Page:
Nothing can get more farm-to-table than dining on an actual farm. And for folks willing to do a little hunting, such authentic suppers await in Marin. Because farm products are seasonal, so are these pop-up gatherings. A lot of the events thrive exclusively by word of mouth, selling out immediately to groupie followers. Your best bet to get your name on coveted invitation lists is to start with a scheduled event or two, likely taking a chance with a waiting list.
Heavy rains are bringing an end to the California drought, and spring wildflowers are showing their appreciation in brilliant profusions not seen for several years. Rainbow-colored spike-stemmed lupine, dazzling orange poppies, magenta-blossomed western redbuds — the living tapestry is gorgeously woven. Here are two ways to enjoy them in Lake County. Hike Clear Lake State Park: In February, park officials closed the trails and campgrounds here due to flooding.
Where to flock for Lake County’s feathered faunaBufflehead. Bushtit. White-breasted nuthatch and yellow-rumped warbler. These aren’t taunts tossed around by kids in the schoolyard, just a few of the hundreds of bird species flocking around Lake County. And as the region’s Redbud Audubon Society can attest, birding is an earnest sport here.
Muck Rack makes it simple to find people, tweets, or articles that mention any name, keyword, company, hashtag etc. We've compiled this guide to help you make the most of your search.
Selecting a term
Start searching tweets, articles from media outlets, articles mentioned in tweets, journalists'
names, titles and bios with some suggested searches:
Companies or Topics (e.g. iPhone, Microsoft)
Phrases (e.g. "cloud computing") — use quotes to keep the terms together
Twitter handles (e.g. @username) — returns those who have mentioned or replied to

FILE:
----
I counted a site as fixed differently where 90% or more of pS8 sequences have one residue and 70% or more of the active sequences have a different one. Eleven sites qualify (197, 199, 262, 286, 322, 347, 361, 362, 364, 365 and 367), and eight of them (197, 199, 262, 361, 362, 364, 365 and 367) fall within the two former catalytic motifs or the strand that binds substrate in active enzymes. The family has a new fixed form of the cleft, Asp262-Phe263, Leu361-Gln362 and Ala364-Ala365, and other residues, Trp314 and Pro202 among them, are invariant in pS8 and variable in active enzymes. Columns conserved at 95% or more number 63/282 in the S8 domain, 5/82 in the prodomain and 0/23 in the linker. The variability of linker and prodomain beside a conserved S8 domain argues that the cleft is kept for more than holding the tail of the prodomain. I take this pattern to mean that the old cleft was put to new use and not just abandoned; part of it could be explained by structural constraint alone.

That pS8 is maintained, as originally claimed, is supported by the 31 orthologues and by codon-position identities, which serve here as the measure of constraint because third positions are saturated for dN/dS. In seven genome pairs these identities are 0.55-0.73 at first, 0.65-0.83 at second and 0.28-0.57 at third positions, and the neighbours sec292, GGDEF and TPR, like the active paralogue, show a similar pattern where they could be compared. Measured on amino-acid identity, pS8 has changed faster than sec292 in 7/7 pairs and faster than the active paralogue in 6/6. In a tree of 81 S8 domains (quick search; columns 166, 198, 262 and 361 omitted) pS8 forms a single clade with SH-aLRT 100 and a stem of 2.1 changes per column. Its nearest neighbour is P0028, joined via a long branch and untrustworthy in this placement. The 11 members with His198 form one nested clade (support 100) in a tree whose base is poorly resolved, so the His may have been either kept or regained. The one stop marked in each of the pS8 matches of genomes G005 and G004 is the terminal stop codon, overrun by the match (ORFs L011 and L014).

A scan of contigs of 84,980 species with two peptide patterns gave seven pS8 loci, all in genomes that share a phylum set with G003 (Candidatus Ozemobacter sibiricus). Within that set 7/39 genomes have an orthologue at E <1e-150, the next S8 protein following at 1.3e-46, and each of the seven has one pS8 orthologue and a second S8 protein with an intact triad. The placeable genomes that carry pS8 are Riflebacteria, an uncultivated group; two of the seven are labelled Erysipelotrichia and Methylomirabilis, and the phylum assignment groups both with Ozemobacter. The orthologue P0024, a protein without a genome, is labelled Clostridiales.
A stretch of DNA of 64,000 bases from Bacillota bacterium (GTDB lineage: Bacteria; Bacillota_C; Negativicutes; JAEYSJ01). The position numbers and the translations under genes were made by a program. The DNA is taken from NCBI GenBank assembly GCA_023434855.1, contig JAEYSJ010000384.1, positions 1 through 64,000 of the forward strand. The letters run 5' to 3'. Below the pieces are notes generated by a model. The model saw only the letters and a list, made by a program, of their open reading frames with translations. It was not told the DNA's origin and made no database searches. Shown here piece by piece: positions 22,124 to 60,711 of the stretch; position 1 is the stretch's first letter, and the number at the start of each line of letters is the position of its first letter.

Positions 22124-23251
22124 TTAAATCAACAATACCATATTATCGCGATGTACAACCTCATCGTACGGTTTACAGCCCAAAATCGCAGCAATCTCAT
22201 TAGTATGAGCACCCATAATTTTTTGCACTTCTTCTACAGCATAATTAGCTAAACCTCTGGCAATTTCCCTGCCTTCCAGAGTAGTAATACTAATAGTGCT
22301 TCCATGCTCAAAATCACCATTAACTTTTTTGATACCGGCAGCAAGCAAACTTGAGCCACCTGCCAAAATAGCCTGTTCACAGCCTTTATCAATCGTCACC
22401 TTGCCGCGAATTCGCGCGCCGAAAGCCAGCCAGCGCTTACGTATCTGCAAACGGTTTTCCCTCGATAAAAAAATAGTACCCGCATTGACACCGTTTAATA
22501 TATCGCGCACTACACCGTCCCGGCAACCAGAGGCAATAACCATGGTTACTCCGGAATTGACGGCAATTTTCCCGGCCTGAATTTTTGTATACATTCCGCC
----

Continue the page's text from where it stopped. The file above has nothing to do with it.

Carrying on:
Names (e.g. "David Pogue")
Hashtags (e.g. #sxsw, #london2012)
Bio details (e.g. vegan, Olympics, father)
Muck Rack's Advanced Search allows for many boolean operators.
Find results that mention multiple specified terms, use AND or
+. For example, ensure each result contains both Elon Musk and Mark Zuckerberg by
searching Obama AND Romney or Obama + Romney.
Use the operators OR or , to broaden your search when you'd like either of
multiple terms to appear in results. (This is the default behavior of our search when no operators
are used.) For example, search for democrat OR republican to find results that refer to
Democrats and/or Republicans.
Use NOT or - to subtract results from your search. For
example, searching Disney will yield results about the Walt Disney Company as well as Walt Disney
World Resort. To exclude mentions of Disney World, search for Disney -World or Disney
When using one of these operators with a phrase, enclose it in quotation marks. For example, you can
find results about smartphones excluding Apple's iPhone 4S by searching smartphone -"iPhone
Exact case matching or punctuation
If you're searching for a brand name or keyword that relies on specific punctuation marks or capitalization, you can
find results that match your exact query by adding matchcase: before the keyword you're searching for, like matchcase:E*TRADE .
Use parentheses to separate multiple
boolean phrases. For example, to find journalists talking about having fun in Disney World or
Disneyland, search for ("disney world" OR disneyland) AND fun.
An asterisk can be used to search for any variation of a root word truncated by the asterisk. For example, searching for admin* will return results for administrator, administration, administer, administered, etc.
A near operator is an AND operator where you can control the distance between the words. You can vary the distance the near operation uses by adding a forward slash and number (between 0-99) such as strawberries NEAR/10 "whipped cream", which means the strawberries must exist within 10 words of "whipped cream".